Big Indoor Trains™ site includes brick, shingle, siding, door and window patterns inspired by the tinplate buildings that Lionel and other companies made to go with their toy trains a century ago. Many of these have already been used in our Tribute to Tinplate™ series, which has been embraced by toy train buffs.
The Tinplate Textures page provides most patterns in three different scales to help you find the best sizes for your existing railroad or holiday village.
Update for 2012 - I need to print some curtains on overhead projector film. To save media, I combined patterns on PDF pages that you can download free.
The Curtains and Shades page includes instructions for resizing and printing.
Stained Glass Windows (572K). I made these up from a Corel-Draw
clip-art file to use for a Fisher-Price schoolhouse I am converting into a church. I printed them on Hammermill Papers' "Invent-it" clear decal stock (not good for rolling stock details, but good for signs). Looks great; I mounted them behind clear plastic for additional protection, but the colors came out nice and rich and deep-looking.
Since I posted these, lots of folks have used them, including professional sign companies who needed to make a client's full-sized windows look like stained glass. But one of the most interesting examples comes from Howard Lamey, of Jacksonville. One of Howard's hobbies is building cardboard "Christmas houses" that look like the ones we had around our train set growing up (and which became "cool" again in the early 2000s). To see a church he built using the stained-glass pattern, simply click on the thumbnail to the right). Howard tells me that it is 9" high and the base is 3 1/2" square, if that helps.
|Street Signs (752K) Using the Alps, I printed out a few of these on plastic stock, with the idea of cutting them out and gluing them on sticks.|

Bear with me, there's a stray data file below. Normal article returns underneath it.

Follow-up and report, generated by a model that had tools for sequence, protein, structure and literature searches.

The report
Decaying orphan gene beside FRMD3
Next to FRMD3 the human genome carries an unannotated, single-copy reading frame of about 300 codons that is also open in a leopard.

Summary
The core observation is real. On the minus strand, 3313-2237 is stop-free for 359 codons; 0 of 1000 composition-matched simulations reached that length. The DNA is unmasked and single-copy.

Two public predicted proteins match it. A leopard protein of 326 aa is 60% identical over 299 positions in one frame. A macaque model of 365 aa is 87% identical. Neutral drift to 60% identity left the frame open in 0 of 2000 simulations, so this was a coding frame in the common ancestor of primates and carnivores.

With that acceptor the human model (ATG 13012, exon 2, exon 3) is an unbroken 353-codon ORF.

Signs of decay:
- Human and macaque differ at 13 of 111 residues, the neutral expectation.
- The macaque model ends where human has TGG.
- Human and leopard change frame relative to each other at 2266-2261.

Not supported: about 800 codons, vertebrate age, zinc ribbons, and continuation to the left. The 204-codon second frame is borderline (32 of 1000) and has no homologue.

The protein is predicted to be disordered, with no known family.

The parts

Wrapping Paper PatternsOkay, it isn't exactly a model railroading page, but we thought we would let you know about a great resource we're putting together for the Family Christmas Online web site. This page includes several color-coordinated antique-style "wrapping paper" patterns that will add color and charm to the simplest paper crafts. Or you could use one to wrap a small present if you forgot to get wrapping paper before Christmas eve.
Other Resources for InformationThe Family Garden Trains "Where Do I Go From Here" page includes links to several sites that contain a lot of good information on Garden and Large Scale railroading.
If there's something else you'd like to see here, I'm open to suggestions. Also if you have something you think is worth posting here, please contact us.
Note: Family Garden Trains™, Garden Train Store™, Big Christmas Trains™, BIG Indoor Trains™, and BIG Train Store™ are trademarks of Breakthrough Communications (www.btcomm.com). All information, data, text, and illustrations on this web site are Copyright (c) 1999, 2000, 2001, 2002, 2003, 2004, 2005, 2006, 2007, 2008, 2009, 2010, 2011, 2012, 2013 by Paul D. Race. Reuse or republication without prior written permission is specifically
For more information, please contact us